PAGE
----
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BLOG: Human Resources as a Service

Chua Weng Foo, Chief Executive Officer, UNIT4 Asia Pacific | Jan. 29, 2014
Embracing change to remain relevant in 2014

HR professionals should also leverage analytics to constantly keep up-to-date with their current workforce profile. New measures have been proposed to raise employment standards, including the mandating of payslips and detailed employment records, introducing sub-caps to prevent excessive salary deductions, as well as shorter qualifying periods for retrenchment benefits. Understanding the workforce profile not only ensures that the organisation stays in-step with such manpower regulations, but the usage of such information also helps in formulating recruitment and retention strategies to ensure that labour supply continuity and quality is not compromised. Without which, companies will be faced with lost business opportunities as a result of delivery incapability.

Big Data and Analytics will change HR

In 2014, we'll see a greater adoption of social media and mobile led technologies in the HR industry. Furthermore, we can also expect to see a growth in data analytics and cloud usage in the coming year.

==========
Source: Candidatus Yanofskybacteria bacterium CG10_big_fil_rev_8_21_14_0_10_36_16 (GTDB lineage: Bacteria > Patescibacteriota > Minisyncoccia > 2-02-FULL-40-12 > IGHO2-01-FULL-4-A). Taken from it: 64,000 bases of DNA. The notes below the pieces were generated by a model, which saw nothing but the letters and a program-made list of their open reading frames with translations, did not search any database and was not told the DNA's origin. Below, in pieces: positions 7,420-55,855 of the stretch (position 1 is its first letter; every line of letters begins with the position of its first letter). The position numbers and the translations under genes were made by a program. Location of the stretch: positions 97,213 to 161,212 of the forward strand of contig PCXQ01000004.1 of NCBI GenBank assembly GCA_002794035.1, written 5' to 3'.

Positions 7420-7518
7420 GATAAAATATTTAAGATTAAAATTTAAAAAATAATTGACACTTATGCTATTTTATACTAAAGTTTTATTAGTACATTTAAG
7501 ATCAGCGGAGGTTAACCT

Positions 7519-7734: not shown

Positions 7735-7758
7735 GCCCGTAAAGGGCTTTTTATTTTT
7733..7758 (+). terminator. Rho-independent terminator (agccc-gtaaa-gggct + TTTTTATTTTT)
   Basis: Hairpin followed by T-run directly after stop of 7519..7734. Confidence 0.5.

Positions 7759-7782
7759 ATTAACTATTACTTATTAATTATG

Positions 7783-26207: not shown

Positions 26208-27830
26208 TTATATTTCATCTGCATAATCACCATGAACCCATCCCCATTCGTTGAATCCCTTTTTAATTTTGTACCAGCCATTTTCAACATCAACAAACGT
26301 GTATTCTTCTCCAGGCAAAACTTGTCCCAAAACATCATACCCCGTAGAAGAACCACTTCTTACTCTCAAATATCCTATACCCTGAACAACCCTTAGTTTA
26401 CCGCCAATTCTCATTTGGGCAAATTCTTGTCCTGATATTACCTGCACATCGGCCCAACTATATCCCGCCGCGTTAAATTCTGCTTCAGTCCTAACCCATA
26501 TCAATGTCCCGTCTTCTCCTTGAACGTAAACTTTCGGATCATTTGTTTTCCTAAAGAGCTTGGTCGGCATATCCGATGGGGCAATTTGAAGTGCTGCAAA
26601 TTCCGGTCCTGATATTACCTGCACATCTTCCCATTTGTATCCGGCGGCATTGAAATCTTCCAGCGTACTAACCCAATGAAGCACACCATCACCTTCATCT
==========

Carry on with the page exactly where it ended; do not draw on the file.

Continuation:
The availability and advancement of analytics and cloud is changing how HR departments function. Instead of relying on IT teams to provide the computing infrastructure to deploy HR-based software applications, HR departments can now approach cloud vendors directly.

Data analytics is another technology that will gradually be implemented into the HR sector. Analytics technology can provide HR business partners with the ability to access information, as well as share their feedback or input up-to-date information in a timely manner. The data and feedback can then be collated and used in discussions to align HR strategies, whether it is to fill the gaps in current processes or to address specific organisational needs.

We are also seeing a change in how HR departments and their organisations interact with the workforce. The explosion of social media and proliferation of mobile devices give round-the-clock access to corporate information and services. As such, it will promote collaboration and seamless interaction amongst groups such as entities, division departments, teams and individuals.

Future HR systems need to be more collaborative and embrace the exchange of information across different platforms. Technology should be used as a tool to cut down process inefficiencies and improve feedback channels. The time and resources saved by adopting these technologies can be more efficiently redeployed to help organisations develop additional strategic HR plans and activities - these include dedicating more resources on talent recruitment, improving staff retention levels and boosting the workforce's motivation and morale.



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